We interrogated Producer, Ian Richardson, about this 360° thriller
Can you explain the pilot as simply as possible?
It's a personalised 360° crime thriller that puts you in the shoes of DCI Mathias from the BBC drama Hinterland. You're job is to find clues and get to the victim before it's too late.
How is it personalised?
The experience asks you to upload a photo and also connect to your Facebook account. This is key to what we are testing as we want to find out if the personalisation makes it more immersive and also does the personalised image at the end encourage people to share. I don't want to give any more away, so you'll just have to have a go yourself!
How was the idea conceived?
London Djinn, who describe themselves as an Invention Studio, came up with the idea at an event run by BBC Connected Studio in partnership with S4C and Hinterland's production company Fictions Factory. The aim was to come up with immersive and personalised experiences that would attract new users to the BBC's drama output, which in this case was the moody drama, Hinterland. The ambition was to really push what we could achieve when combining a linear narrative with a 360° experience.
How does the production process differ from that of linear drama?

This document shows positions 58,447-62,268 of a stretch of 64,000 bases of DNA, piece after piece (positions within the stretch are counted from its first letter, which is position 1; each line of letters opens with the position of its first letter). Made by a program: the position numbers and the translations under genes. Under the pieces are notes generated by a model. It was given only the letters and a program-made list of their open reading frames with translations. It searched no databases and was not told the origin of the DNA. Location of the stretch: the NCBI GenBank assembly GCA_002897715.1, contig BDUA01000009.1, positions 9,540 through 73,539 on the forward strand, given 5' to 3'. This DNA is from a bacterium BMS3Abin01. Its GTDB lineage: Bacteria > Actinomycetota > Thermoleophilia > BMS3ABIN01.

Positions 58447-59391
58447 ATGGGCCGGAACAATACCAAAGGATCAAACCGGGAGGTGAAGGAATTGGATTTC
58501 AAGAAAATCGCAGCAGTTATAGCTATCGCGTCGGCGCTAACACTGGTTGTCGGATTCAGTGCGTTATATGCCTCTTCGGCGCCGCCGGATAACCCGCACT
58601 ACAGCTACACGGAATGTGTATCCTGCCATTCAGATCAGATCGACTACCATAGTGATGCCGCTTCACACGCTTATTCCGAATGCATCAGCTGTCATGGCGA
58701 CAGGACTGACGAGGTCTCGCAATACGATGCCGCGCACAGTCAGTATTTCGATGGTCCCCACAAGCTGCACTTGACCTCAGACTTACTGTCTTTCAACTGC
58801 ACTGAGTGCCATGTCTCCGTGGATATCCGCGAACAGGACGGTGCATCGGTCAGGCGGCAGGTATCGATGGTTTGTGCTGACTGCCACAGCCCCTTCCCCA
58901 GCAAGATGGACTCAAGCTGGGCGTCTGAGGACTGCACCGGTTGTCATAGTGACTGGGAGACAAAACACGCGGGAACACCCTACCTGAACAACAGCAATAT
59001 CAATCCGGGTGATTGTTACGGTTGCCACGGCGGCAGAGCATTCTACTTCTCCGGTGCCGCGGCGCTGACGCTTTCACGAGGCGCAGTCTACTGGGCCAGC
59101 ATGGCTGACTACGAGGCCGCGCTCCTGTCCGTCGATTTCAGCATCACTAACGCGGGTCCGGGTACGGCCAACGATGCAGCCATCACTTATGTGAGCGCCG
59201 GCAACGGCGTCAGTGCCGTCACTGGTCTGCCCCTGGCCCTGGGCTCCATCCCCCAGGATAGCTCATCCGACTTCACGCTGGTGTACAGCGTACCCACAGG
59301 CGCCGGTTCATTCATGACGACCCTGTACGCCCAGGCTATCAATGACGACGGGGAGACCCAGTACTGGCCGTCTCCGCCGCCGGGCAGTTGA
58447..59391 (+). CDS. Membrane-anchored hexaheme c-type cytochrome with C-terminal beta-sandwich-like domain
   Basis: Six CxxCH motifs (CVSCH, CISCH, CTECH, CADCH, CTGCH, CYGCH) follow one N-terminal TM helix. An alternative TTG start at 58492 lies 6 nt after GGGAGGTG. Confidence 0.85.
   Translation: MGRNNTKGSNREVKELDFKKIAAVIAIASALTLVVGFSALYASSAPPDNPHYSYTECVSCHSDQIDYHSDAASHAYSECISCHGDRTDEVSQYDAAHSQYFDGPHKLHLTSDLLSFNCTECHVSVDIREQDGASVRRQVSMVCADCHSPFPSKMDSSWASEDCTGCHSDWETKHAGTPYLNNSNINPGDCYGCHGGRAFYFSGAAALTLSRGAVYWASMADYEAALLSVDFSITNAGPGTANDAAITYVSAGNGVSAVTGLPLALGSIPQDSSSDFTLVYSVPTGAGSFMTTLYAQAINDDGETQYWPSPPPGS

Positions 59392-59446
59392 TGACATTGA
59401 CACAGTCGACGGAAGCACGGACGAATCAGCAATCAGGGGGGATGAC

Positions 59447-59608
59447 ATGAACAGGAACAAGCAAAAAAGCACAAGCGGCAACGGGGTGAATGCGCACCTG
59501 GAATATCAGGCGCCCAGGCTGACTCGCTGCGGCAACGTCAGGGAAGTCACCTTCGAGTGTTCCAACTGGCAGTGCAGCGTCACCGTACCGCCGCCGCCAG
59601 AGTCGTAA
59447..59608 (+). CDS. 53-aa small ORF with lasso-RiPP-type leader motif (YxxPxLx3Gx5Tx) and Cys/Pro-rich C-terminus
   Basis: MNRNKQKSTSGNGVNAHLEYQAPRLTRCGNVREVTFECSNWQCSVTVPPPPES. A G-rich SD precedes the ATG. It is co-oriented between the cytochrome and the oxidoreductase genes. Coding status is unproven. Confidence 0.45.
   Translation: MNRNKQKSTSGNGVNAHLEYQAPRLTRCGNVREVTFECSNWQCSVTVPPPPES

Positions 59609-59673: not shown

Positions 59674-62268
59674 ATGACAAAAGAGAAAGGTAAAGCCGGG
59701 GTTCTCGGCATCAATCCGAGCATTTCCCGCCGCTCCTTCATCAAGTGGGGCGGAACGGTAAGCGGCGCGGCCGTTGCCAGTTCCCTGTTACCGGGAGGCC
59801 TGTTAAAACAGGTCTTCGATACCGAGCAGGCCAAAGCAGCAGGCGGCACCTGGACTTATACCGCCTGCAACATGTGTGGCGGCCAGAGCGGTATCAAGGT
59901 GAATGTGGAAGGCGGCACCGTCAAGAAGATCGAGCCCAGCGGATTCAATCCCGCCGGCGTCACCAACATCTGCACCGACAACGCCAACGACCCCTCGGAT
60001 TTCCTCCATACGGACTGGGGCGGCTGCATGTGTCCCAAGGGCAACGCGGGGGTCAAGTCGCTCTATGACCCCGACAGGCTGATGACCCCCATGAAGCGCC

With a digital interactive project the audience are as much a part of the experience as the author. Then if you add in 360° panoramas you have to try and anticipate where the viewer will be looking, which is very tricky! In this project you are seeing the world from DCI Mathias' point of view, this meant that the positioning of the camera was crucial - if the camera was too high or low for example the illusion would be shattered. To get this right we got Atticus Digital on board who specialise in VR and 360° video.
What do you think the POV camera angle adds to the experience?
It was inspired by the question "Suspect, victim or killer - which one are you?". The production team were keen to experiment with the role a user plays in an interactive experience. One statement from the team really stood out for me, "I like the idea that the role our audience plays could be ambiguous, misleading and even change based on their decisions"